Fans of St. Margaret of Scotland, who made it into the Faithful Four in Lent Madness this year, might enjoy reading about her daughter, Matilda of Scotland, Queen of England. So will fans of strong women and feminist firsts:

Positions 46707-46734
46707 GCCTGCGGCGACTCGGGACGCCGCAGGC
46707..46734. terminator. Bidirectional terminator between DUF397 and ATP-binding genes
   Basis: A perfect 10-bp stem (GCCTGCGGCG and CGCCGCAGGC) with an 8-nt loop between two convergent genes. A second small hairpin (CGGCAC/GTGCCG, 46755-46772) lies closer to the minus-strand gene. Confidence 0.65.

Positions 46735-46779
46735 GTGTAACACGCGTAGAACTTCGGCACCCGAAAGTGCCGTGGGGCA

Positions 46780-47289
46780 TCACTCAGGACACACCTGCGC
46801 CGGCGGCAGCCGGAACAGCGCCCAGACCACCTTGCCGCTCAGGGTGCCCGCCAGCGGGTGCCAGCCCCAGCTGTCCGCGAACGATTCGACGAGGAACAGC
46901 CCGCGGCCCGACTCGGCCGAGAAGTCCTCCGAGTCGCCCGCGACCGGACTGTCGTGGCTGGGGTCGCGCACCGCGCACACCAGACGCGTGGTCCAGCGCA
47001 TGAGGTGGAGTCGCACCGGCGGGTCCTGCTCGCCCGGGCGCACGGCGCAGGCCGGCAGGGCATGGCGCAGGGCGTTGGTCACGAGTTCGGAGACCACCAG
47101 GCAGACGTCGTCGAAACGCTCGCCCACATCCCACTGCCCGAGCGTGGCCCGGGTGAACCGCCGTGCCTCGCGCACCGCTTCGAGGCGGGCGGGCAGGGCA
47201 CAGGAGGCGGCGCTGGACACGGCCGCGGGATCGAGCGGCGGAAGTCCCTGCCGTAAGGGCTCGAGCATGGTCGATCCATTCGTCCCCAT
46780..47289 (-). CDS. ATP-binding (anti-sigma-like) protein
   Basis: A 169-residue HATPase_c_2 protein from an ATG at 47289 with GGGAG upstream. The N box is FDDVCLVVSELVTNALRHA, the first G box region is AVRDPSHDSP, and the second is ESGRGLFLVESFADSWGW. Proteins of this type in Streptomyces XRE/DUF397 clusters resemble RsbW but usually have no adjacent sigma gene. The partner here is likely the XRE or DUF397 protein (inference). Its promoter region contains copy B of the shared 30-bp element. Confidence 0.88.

For the 18 years of her marriage, [Matilda] was part of the king’s council and participated in policy decisions. Henry would name her head of the council when he traveled to Normandy to administer his dukedom there. She issued judgments and charters. Her family connections with her brothers in Scotland kept the two kingdoms at peace. The historians state she played a vital role in affairs of the kingdom. Her position amounted to being vice-regal. She was the deputy of the king, acting in his name. It is arguable but she may have been the one medieval queen to wield so much power. Matilda was very skilled and effective in persuading Henry to follow her advice and do her will and may have relished in her power. In 1111, there is affirmation of a seal used by Matilda to verify a document. This is the first use of a seal by a European Queen and a rare use of a seal by a queen-consort.